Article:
This story follows an old accountant who joins a gentlemen's club that's focused on telling stories. It's structure is a bit odd and the meat of this novella is one of the stories told about a doctor treating a pregnant women years earlier. I thought this might have a lot more meaning with the other stories but it doesn't really (unless I missed it) but it's really well told, a bit horrible and overall very good.
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on 23 December 2013
I first listened to this on Radio 4 extra for around an hour, for a whole week. The narrator sounds very similar to Morgan Freeman who starred and narrates in the film/movie, and it makes for really lovely listening. I'd say if you like audio books, this one really is a must.
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on 1 February 2015
Cover 3 / 5 If one knows the punchline the cover is quite effective.

This rating is just for the Rita Hayworth Shawshank Redemption. I have yet to work my way through the rest of the book.

Purchased as a contrast after Richard Flanagan's The Narrow Road to the Deep North and on a more cheerful note. Purchased this on E-Bay as a used copy of Stephen King's collection of novella length stories including Rita Hayworth and Shawshank Redemption.

As I read the novella of 113 pages memories of the film flooded back with the film being reasonably true to the book. I did not have to create new pictures as the film had already done this for me. I like the viewpoint of a story teller. Stephen King has expressed in various literary interviews and posts his like of the novella format but he is sad the format does not appear to sell well. The story here is well told tight and straight to the point without lots of padding. An excellent example for those writing to self publish. The story like The Narrow Road to the Deep North could have been expanded and told in 429 pages.

My Amazon review against my own reading criteria for a good read:-

*Engrossing and interesting - Despite knowing the story and punch line the book kept my interest as it is tightly written.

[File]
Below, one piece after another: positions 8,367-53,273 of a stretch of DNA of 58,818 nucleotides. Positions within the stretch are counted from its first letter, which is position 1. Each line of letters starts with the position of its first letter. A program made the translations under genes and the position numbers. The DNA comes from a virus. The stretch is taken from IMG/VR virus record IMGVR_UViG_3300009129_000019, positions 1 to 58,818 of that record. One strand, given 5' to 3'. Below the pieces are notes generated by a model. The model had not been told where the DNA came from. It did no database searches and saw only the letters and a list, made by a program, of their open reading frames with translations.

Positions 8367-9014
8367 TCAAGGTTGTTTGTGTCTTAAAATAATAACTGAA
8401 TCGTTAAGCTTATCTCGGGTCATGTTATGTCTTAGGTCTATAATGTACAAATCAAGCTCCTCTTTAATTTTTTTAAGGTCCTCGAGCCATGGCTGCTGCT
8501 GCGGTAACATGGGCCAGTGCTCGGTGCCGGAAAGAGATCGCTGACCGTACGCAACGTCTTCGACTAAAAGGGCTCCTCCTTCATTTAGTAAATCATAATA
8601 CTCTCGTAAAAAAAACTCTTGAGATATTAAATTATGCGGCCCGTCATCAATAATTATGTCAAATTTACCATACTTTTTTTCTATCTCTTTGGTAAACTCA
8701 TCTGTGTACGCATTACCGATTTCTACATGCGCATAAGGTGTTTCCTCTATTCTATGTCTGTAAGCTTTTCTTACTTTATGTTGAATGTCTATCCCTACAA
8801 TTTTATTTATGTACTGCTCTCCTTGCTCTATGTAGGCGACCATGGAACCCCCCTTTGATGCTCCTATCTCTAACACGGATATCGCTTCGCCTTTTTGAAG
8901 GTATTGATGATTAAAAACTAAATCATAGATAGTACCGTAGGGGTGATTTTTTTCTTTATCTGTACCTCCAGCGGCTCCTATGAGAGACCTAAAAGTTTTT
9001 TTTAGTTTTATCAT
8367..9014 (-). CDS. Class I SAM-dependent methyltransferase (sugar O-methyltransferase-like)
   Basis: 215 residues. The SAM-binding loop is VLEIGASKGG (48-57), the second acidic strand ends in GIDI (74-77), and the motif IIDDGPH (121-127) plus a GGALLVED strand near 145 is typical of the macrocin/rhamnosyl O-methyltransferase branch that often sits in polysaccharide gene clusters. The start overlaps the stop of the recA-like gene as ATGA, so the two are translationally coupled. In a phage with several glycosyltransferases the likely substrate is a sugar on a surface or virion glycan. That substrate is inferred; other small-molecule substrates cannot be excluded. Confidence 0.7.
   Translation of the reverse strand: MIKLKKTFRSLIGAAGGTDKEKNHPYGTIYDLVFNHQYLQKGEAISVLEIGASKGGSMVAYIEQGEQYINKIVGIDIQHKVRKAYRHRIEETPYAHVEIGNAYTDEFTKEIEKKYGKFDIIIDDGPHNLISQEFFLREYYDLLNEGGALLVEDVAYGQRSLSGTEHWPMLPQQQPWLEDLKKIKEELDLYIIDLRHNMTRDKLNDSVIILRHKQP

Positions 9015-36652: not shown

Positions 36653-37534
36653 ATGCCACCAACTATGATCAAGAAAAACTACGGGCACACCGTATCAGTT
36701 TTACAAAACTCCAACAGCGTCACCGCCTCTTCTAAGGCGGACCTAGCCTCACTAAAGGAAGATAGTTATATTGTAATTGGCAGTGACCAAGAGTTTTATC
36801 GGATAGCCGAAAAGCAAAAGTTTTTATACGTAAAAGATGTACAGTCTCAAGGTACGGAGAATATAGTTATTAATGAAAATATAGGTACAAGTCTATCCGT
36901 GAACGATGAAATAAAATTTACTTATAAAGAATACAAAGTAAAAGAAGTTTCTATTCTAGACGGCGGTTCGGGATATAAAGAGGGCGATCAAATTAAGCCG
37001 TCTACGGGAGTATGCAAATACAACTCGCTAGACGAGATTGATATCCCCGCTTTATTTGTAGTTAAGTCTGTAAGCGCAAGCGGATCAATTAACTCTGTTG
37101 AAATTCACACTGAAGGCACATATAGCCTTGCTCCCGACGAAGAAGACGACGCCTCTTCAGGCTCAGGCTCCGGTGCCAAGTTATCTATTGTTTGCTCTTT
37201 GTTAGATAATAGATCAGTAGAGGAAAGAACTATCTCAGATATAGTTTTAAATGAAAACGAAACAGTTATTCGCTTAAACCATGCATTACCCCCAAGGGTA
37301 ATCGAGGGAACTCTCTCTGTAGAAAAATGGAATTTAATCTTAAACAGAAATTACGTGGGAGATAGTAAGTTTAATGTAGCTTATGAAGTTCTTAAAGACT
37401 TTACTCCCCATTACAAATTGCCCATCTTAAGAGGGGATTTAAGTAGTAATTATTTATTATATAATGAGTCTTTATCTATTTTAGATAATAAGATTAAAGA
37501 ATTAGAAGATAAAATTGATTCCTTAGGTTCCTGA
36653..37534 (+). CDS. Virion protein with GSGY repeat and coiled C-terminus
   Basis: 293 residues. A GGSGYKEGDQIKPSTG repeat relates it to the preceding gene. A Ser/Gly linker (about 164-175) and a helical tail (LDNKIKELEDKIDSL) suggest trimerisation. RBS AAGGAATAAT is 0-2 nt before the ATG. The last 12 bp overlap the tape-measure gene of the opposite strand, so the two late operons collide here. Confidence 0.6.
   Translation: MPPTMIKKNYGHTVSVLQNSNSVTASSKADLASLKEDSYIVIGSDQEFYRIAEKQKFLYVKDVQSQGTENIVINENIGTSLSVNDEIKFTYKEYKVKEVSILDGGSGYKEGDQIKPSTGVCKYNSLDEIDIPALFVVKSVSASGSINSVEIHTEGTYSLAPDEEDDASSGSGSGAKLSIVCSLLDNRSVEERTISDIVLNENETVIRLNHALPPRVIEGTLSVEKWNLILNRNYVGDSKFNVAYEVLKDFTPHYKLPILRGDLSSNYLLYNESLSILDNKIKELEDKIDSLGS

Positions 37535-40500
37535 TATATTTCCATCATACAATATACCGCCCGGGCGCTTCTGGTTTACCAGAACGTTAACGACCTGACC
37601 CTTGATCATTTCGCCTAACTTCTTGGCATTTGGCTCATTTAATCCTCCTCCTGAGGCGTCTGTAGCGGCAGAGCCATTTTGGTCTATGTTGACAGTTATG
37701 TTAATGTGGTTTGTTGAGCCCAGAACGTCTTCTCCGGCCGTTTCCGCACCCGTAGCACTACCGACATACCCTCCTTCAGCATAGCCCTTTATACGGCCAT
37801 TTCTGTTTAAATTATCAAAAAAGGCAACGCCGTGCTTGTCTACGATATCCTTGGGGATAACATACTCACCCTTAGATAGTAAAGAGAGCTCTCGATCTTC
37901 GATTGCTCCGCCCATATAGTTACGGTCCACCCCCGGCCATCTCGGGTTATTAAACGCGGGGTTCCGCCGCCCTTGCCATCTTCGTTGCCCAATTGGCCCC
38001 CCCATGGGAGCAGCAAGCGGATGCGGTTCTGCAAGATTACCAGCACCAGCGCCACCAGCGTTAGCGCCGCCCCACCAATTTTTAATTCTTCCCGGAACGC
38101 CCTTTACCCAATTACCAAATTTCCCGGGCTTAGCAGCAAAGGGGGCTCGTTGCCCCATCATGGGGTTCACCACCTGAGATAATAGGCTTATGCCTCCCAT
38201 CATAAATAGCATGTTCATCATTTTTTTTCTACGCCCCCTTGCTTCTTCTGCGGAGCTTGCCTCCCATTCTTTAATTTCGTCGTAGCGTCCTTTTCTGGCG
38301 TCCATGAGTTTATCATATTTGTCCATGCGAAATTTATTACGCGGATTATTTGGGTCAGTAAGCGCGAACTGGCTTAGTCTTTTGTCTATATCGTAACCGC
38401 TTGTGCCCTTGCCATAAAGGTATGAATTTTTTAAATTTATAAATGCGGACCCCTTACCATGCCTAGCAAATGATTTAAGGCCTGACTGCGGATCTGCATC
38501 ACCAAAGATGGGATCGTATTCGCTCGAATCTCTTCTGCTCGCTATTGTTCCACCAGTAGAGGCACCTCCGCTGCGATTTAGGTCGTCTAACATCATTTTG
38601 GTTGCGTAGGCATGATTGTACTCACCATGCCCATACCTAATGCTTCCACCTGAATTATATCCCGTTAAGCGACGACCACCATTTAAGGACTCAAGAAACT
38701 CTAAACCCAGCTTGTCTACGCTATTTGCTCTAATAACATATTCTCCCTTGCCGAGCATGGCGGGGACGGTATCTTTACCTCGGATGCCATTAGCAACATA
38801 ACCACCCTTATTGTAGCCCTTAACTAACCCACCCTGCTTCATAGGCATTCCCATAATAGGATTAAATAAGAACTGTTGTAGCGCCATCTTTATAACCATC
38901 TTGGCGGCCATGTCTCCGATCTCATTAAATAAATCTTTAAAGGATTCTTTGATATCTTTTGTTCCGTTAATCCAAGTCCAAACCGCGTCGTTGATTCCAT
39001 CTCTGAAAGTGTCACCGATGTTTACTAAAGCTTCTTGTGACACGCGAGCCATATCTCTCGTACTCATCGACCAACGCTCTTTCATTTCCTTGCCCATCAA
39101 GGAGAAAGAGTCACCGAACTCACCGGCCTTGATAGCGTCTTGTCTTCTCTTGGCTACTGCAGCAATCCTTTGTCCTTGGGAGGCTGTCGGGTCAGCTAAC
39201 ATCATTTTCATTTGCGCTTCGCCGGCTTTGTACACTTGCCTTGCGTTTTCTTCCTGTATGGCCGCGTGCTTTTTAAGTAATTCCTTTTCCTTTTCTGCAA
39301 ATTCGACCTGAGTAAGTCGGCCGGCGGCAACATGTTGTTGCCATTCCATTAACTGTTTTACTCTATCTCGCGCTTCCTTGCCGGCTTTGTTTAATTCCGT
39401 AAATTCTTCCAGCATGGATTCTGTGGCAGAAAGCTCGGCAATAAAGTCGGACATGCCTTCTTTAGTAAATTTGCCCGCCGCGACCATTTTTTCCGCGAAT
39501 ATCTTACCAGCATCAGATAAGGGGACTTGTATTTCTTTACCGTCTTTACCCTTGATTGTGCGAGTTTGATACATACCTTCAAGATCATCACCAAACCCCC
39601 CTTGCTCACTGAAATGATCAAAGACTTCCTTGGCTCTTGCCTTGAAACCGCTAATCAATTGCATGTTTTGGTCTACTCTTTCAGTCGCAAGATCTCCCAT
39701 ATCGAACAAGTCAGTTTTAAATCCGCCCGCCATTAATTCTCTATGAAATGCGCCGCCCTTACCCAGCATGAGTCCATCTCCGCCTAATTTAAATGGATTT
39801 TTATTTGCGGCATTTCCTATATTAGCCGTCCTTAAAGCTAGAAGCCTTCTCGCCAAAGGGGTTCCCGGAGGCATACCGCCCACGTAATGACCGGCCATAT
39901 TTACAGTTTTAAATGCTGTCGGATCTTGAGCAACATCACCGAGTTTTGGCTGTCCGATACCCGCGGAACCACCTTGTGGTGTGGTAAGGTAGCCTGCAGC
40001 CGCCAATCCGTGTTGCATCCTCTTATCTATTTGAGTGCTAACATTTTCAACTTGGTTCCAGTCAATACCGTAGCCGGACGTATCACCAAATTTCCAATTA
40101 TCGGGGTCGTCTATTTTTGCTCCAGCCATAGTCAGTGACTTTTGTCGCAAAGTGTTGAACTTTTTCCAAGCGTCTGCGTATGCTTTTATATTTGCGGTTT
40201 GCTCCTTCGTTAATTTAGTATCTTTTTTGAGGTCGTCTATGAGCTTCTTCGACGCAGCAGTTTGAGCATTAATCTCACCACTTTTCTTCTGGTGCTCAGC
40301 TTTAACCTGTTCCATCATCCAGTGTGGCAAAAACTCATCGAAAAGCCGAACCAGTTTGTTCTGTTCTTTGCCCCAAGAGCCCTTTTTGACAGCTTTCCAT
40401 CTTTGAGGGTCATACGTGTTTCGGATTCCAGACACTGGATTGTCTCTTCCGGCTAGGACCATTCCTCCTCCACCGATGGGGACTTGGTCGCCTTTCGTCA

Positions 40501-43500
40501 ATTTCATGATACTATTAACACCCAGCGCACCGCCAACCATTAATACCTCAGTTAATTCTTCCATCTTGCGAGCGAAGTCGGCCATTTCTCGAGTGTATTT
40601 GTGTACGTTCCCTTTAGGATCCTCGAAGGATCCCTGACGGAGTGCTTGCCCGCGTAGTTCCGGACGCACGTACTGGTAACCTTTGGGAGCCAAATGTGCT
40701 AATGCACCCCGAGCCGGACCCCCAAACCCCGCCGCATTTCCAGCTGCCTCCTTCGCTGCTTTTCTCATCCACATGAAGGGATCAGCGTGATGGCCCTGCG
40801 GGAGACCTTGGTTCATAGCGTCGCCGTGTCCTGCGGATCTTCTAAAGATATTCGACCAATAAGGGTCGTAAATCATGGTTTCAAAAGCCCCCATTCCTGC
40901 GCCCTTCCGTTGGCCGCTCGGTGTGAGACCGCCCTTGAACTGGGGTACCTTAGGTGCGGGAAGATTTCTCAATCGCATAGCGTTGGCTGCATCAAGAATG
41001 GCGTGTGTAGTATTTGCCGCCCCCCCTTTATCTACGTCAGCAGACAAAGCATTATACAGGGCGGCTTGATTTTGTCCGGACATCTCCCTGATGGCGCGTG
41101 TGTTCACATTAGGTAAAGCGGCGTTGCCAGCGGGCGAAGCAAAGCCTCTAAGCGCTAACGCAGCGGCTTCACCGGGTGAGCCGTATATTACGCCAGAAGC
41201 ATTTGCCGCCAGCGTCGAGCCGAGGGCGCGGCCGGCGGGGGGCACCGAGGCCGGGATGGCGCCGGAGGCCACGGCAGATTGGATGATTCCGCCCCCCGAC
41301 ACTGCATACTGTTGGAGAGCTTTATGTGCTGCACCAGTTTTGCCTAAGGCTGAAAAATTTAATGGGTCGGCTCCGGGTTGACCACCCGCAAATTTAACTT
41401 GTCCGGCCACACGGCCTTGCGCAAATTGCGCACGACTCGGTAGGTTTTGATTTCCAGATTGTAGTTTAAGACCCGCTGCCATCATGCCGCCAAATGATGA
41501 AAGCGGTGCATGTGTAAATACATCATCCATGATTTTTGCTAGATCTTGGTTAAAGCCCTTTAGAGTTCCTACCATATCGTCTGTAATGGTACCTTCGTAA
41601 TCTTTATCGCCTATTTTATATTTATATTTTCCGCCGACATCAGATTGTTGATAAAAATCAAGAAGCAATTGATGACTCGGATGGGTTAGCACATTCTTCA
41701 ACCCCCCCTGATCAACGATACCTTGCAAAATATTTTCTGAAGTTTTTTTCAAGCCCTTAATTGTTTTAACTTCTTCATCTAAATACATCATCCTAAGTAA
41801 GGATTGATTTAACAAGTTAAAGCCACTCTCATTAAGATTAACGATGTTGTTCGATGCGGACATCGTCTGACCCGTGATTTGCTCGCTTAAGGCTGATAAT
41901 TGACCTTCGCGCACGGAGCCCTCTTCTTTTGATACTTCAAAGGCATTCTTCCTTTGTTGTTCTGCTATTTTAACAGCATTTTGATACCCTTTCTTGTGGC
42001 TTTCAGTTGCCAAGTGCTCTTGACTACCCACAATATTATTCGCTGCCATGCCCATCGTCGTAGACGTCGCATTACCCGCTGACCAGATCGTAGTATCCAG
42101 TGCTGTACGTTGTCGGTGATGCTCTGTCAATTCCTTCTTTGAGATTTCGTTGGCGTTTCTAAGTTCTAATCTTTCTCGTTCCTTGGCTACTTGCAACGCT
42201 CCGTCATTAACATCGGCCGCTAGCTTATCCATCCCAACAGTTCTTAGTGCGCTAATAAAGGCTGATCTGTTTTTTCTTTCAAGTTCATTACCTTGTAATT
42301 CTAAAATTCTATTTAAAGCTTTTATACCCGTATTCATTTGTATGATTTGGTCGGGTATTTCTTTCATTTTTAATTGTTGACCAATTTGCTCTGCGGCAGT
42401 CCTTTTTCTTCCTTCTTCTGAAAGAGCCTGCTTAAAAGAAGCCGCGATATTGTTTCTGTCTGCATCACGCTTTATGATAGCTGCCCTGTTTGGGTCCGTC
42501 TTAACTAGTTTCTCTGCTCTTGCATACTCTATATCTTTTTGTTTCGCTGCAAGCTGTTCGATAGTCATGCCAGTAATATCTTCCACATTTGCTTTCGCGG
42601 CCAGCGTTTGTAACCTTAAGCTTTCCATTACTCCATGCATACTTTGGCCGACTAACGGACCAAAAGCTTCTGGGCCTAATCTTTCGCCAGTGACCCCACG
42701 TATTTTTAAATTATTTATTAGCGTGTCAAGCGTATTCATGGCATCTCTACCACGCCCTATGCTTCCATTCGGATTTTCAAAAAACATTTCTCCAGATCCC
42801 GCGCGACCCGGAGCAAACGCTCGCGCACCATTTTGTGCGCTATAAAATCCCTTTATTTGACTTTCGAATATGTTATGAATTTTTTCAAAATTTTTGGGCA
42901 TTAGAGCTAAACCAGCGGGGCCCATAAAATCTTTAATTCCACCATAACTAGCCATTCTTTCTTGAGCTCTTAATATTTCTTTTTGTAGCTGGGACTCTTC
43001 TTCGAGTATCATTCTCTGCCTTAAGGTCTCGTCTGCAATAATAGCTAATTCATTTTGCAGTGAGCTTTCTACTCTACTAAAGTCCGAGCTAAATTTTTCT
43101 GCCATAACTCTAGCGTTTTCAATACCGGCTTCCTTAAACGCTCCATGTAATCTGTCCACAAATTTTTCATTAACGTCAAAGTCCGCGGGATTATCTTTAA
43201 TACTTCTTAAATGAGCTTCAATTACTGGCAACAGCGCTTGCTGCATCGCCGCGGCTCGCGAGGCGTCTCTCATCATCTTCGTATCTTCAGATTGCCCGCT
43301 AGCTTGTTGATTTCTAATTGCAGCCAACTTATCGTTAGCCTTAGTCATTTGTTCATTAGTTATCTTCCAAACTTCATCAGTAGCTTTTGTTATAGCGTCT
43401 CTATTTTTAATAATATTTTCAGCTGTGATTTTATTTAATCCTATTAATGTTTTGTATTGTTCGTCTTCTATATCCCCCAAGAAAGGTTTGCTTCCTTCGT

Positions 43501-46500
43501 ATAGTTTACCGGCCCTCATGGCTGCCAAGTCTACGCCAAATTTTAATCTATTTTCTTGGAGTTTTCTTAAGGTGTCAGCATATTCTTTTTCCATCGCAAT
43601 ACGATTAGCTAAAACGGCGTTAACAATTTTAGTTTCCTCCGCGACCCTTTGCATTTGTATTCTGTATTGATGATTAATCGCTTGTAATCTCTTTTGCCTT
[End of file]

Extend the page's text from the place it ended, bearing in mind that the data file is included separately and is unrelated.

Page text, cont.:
*Enjoyment and entertainment - An enjoyable read bringing back good memories of the film.

*Emotional - Reinforced my wish never to go to prison as confirmed in reading about 21st Century prison life in Jeffrey Archer's Prison Diaries and a hundred years earlier in Arthur and George by Julian Barnes.

*Educational - Nothing to add from the film.

*Ease of reading - The strong solid writing to fit the story into novella format has much to commend it. A refreshing change from King's other books where I often feel a full page of text could have been said in one sentence.

One for my book shelves and I read on the other novella length stories in the book as new material.

Incidentally I have another memory here of the amazing You Tube video of Rita Hayworth and Fred Astaire dancing to the Bee Gees Staying Alive. Something which often brightens up my days. My wife would love me to be able to dance like these two.

New comment added 25 2 15 Story two an Apt Pupil

Oh dear a great idea but the story drags on and on ... no encouragement to read more of Stephen King here.

I read on

Alexander of the Allrighters and Ywnwab!
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on 5 February 2004
One of the best books I have ever read, To get 3 great films (Shawshank Redemption, my favourite film, Apt Pupil, absolutely engrossing, and Stand by Me, one of the best movies from when I was a kid) is unbelievable, and the short stories these films come from are just as good. Having seen the 3 films first I had an idea how the books where going to go, but it also helped to have the characters who played the parts in the films to help with the visualisation of the book. The final story is good but not expanded far enoughto really make you remember it as one of Kings classics. You can also see why it was the other 3 that were made into films. Apart from that I would recommend this to anyone who just likes good stories.
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on 17 February 2014
Brilliant book, good quality. I always look forward to doing rereads on Kings books simply because I know so much more is going to come to the surface and I get to experience all those same familiar feelings, and once again become consumed by the contents written thereI

Highly recommended!
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on 3 August 2003
Although most Stephen King books end up under 'Horror' this book is hardly fit to be classed as one. Although its slow to start the pace picks up and the end not as hopeless as it seems and is actually quite surprising! Out of all the books I've read I would have to say that 'Shawshank Redemption' is probably most like 'The Girl Who Loved Tom Gordon' since it is similar in pace and style. But even those of you who have read TGWLTG and found it quite dull like myself, 'Shawshank Redemption' has that special King formula which keeps the reader hooked and anxious to read further. So although it seems slow, stick with it because it does get better!